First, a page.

Half a King (Shattered Sea, #1) Half a King question


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The ending
Sebastiaan Sebastiaan Aug 03, 2014 02:43AM
Why did Uthil, whose identity you could see coming as soon as he picked up the sword and killed those guard, want to banish Yarvi? Wasn't this one of the absolute worst decision Uthil could make?

Yarvi did the best he could considering the circumstances, he invited a foreign power into Gettland but only to save them from a traitor, a puppet of the High King and Grandmother Wexen. Uthil is fresh in his power, does he think the High King won't try to dethrone him? Wouldn't having an heir make him more secure in The Black chair and ensure that there won't be a power struggle, a civil war, should anything happen to him? Yarvi has proved he is capable, and it is more than obvious he does not want the throne, so shouldn't the both of them have come to an agreement, shouldn't Yarvi have waited to join the ministers until his uncle has a son of his own?

After all Yarvi and Nothing have been through it seems very unlikely that there isn't enough trust between them for such an arrangement.



i did think that uthil suggesting banishment was harsh but he clearly feared a fight for black chair. what doesn't make sense is why didn't suggest yarvi take his minister's test since it would make him unable to ever take the throne from him and eliminate him as a threat. i think the author included it for a bit of excitement at the very end to further cement yarvi's intelligence at finding a solution to save himself. it was too obvious, though.

i'm far more interested by the oath isruin makes. i suppose that sets her up to be the villain of book 2 or, more likley, book 3. i also wonder if this will really appeal to the young adult audience. while i can tell that joe abercrombie tried to keep it lighter and simpler for that group, i still think the way it's penned is not going to make it easier for the average teen reader to engage and enjoy the story. pity, though. it is a good story.


Cory (last edited Aug 10, 2014 12:58PM ) Aug 10, 2014 12:56PM   0 votes
Isruin's oath was the exact same as Yarvi's, word for word. She swore to take revenge upon her father's killers. All of them.

I haven't done any background research to the book, so I didn't know if Abercrombie was going to do a series centered around Yarvi.. I hope he does. This book was fantastic.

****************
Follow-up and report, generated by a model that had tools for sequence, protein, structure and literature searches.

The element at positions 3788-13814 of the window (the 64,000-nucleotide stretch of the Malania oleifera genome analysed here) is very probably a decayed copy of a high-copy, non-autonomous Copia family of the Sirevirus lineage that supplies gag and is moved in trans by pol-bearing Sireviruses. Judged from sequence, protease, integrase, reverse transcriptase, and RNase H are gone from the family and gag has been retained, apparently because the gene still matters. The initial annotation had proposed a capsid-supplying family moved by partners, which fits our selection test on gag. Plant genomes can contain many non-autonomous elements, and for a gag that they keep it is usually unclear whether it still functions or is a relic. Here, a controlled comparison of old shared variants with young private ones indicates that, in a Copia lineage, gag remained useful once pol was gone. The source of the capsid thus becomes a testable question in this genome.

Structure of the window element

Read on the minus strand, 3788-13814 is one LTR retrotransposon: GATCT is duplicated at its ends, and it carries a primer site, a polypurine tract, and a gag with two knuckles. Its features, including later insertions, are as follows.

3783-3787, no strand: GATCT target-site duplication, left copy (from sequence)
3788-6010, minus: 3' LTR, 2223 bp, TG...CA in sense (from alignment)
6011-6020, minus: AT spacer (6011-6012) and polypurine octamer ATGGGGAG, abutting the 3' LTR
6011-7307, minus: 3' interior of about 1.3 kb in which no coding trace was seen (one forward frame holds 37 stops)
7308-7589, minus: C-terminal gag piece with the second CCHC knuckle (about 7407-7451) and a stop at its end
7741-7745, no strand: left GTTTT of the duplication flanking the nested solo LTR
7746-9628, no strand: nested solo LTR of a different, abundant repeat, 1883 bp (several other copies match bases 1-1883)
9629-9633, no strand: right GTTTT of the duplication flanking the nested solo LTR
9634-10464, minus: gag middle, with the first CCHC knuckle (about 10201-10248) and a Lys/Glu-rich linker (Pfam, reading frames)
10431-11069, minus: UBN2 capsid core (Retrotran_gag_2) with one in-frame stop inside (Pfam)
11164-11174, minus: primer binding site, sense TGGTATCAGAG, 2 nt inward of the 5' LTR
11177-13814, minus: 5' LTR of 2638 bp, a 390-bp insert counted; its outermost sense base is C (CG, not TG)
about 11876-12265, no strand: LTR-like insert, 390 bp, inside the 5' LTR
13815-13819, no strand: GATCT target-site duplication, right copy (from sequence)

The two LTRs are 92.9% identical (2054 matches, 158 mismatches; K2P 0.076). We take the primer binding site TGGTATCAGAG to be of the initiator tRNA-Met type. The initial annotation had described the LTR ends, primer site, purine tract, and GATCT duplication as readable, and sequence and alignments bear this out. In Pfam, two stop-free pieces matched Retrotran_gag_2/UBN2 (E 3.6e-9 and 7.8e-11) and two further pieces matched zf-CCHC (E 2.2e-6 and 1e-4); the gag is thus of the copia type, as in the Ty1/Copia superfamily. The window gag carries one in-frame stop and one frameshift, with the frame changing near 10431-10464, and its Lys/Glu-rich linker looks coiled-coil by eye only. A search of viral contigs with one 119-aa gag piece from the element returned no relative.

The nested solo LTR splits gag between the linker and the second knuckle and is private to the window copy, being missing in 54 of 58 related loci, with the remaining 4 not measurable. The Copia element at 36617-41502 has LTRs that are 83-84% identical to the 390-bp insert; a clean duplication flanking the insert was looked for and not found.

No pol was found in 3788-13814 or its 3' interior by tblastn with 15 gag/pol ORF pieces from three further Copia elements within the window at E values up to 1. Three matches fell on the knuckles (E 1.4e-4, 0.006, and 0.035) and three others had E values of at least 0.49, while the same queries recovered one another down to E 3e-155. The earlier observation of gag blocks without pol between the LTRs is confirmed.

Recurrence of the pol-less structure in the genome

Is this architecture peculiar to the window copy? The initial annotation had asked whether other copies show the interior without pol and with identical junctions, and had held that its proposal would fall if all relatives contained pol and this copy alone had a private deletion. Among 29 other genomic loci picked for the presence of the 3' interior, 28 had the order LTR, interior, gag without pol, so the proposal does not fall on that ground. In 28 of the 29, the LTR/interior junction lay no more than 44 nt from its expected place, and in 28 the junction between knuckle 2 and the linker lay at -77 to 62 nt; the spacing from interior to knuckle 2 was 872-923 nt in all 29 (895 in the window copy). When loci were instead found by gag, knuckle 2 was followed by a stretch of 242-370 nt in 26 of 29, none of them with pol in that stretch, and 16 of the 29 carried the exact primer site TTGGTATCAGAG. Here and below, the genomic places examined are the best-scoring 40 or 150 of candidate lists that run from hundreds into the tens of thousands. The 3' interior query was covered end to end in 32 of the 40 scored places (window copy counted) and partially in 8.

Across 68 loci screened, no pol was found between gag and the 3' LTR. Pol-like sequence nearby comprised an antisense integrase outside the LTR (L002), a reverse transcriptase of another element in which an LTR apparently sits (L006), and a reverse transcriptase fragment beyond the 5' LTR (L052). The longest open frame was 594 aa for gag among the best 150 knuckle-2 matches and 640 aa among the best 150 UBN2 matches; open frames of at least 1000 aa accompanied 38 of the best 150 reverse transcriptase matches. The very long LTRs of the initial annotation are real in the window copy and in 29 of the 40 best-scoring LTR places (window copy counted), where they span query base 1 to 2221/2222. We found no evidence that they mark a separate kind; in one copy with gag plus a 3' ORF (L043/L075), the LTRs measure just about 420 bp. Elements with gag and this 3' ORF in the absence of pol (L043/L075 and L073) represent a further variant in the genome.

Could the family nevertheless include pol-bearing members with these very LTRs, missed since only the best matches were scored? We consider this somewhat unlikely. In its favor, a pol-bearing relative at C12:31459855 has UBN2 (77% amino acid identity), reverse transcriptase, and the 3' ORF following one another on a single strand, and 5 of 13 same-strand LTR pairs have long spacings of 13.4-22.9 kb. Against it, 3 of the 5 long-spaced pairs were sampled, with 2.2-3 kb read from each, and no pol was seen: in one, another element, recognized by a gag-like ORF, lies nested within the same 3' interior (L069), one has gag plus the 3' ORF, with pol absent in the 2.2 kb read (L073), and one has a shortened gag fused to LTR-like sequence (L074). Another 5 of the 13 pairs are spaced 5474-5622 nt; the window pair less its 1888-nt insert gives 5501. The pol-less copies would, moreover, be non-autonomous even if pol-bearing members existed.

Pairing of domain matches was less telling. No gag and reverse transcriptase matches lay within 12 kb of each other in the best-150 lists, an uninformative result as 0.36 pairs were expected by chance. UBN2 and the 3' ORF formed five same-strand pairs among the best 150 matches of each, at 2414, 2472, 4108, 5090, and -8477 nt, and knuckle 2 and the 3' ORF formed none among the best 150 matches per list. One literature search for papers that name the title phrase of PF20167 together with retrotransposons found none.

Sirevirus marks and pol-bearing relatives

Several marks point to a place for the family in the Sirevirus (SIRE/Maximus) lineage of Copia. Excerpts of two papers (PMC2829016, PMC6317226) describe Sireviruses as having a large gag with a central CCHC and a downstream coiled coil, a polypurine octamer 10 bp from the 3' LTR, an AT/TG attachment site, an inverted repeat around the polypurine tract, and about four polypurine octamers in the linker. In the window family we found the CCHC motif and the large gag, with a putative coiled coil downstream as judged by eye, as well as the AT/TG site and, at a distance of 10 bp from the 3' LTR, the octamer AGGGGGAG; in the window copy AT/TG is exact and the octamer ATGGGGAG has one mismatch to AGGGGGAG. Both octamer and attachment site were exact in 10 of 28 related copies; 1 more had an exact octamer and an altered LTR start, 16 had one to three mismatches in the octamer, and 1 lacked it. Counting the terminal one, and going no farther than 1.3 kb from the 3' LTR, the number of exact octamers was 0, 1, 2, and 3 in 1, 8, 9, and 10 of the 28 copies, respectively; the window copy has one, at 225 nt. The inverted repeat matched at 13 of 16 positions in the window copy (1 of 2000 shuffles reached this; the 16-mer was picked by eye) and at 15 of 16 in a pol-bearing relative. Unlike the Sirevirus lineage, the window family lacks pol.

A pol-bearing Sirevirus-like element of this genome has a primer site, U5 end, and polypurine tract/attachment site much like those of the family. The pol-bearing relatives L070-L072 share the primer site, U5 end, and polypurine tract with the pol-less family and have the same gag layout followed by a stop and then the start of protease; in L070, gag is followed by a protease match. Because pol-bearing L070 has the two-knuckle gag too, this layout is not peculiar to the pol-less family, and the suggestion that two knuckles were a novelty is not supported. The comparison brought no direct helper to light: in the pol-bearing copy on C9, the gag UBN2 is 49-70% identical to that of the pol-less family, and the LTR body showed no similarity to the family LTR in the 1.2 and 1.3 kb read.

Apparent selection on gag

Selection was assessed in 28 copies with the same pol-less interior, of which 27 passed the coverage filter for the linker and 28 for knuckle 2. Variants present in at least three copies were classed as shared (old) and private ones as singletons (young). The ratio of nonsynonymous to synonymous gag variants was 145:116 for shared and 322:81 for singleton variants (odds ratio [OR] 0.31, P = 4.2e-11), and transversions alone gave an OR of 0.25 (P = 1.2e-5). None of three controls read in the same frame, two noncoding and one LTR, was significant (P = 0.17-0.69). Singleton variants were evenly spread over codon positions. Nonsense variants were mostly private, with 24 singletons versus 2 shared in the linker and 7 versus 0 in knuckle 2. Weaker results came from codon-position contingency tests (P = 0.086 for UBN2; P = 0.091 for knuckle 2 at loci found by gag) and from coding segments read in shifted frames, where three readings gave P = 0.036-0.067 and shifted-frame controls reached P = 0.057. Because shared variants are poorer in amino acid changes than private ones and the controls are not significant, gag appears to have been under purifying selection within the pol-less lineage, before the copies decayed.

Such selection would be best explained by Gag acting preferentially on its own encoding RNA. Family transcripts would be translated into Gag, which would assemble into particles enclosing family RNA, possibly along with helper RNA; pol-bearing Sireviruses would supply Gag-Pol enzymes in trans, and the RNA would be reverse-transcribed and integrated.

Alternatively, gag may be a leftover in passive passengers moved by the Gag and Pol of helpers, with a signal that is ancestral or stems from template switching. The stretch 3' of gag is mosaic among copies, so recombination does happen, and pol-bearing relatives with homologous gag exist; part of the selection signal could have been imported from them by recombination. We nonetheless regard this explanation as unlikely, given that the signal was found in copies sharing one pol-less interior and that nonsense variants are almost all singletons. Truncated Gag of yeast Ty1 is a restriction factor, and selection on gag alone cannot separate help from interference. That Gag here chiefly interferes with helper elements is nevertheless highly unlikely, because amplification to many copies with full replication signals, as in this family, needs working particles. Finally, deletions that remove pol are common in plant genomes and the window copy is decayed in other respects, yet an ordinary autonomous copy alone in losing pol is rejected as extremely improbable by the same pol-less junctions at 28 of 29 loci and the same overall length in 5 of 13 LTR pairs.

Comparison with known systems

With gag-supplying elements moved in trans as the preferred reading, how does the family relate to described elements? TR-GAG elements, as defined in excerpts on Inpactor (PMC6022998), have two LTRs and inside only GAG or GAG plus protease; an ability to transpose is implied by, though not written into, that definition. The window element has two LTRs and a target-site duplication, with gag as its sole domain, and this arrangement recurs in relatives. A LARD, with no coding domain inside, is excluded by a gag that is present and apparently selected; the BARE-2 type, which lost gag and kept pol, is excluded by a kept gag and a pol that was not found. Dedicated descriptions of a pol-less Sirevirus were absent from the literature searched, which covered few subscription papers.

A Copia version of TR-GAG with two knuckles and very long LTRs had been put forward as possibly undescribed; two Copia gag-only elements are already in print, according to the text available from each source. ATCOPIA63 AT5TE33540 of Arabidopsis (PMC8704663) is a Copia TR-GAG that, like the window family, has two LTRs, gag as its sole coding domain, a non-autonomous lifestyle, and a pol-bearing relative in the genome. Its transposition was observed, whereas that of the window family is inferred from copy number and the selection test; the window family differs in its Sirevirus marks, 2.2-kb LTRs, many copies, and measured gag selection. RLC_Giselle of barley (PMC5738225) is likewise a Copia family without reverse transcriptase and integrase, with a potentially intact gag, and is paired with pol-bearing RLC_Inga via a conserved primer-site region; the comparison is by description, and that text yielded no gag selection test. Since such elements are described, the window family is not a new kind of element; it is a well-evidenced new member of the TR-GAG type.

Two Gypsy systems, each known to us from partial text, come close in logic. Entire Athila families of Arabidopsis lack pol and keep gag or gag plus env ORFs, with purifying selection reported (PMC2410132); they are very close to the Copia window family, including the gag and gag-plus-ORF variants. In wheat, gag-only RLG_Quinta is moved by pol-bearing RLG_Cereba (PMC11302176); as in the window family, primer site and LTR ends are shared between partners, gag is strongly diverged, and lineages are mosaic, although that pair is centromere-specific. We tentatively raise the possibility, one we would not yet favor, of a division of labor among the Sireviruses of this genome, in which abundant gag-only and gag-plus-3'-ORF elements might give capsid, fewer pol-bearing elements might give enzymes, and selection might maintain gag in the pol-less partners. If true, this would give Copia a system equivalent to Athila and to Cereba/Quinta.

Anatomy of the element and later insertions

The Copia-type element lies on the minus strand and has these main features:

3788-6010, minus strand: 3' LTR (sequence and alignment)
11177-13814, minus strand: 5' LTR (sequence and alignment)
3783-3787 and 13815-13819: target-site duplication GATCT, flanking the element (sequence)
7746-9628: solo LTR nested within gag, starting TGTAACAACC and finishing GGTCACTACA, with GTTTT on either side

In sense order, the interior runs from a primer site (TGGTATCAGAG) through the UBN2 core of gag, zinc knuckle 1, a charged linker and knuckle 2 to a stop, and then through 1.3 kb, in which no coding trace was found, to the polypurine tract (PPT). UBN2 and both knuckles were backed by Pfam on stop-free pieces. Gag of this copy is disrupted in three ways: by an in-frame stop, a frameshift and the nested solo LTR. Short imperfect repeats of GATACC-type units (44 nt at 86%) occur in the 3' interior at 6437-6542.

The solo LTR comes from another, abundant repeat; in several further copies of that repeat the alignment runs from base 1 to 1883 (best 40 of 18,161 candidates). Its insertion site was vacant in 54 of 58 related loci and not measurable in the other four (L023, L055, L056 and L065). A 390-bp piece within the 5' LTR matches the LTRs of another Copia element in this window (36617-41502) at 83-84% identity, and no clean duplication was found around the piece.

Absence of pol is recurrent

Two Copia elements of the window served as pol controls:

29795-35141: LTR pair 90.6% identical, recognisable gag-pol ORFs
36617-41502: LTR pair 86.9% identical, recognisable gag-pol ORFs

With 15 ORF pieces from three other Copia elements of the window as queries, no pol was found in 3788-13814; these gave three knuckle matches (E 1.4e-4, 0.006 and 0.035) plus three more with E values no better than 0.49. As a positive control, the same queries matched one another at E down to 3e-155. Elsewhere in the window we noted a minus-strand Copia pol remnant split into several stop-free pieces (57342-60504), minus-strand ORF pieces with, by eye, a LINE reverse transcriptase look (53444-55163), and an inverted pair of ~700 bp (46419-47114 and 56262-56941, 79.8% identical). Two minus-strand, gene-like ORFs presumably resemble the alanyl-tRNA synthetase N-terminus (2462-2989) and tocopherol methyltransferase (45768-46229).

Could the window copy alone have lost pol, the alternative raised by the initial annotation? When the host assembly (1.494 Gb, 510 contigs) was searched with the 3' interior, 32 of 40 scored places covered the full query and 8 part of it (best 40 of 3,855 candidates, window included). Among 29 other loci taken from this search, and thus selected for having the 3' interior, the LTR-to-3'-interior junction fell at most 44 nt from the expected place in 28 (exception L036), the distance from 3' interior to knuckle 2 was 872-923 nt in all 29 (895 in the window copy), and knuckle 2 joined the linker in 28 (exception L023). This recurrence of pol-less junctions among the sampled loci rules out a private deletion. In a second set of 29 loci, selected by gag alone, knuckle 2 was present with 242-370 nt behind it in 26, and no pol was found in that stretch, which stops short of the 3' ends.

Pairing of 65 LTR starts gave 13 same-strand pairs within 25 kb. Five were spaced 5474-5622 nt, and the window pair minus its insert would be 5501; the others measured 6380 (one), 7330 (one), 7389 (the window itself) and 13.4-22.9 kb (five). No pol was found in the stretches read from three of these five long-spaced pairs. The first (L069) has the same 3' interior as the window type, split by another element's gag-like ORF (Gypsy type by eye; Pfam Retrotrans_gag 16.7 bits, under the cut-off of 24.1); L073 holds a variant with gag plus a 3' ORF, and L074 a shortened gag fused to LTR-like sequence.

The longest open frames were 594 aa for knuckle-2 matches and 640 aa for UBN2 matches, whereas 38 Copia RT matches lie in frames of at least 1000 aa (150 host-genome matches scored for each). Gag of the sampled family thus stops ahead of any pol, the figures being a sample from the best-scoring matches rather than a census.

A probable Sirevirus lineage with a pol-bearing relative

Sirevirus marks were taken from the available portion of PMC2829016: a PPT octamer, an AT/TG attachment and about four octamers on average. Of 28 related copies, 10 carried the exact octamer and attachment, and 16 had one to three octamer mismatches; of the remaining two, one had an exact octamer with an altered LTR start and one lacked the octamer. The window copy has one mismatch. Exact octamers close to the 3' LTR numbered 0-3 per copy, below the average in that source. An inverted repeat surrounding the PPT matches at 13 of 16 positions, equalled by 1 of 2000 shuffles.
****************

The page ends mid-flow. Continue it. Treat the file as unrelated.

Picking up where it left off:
As for Uthil's consideration of banishment, it's not difficult to comprehend. Upheaval is a terrible thing for royals, and elimination of any possible source ensures the lack of it. As long as Yarvi had any possible claim to the throne, there's always the threat someone will back him in a power play. There's also the fact that Yarvi would be a threat to any children Uthil and Laithlin might have. Hell, it was Yarvi's own uncle who tried to end his claim to the throne.

With Yarvi becoming a minister and officially renouncing any claim, no one would have a reason to back him or try to use him to gain power because it'd be no different than a weaver trying to claim the throne.


As soon as Uthil claimed the Black Chair (he yelled "it's mine"), he was obligated to follow the nation's laws (or, at least, not to flaunt it). That was his journey. He lost his vanity - the sense that his wishes were more import than the rules.

I agree with a previous person. Having Yarvi come up with the idea both demonstrates his intelligence (and his suitability to be a minister), and it lets Uthil set himself up as a stern-but-fair leader.


I thought it fit the "harsh world" of the story. I think it helped to establish the hard, unbending nature of that world. Yarvi's outlook is a good contrast and makes for an interesting read.
Remind me about Isruin's oath.....?
I'm looking forward to where the next book is going to go.


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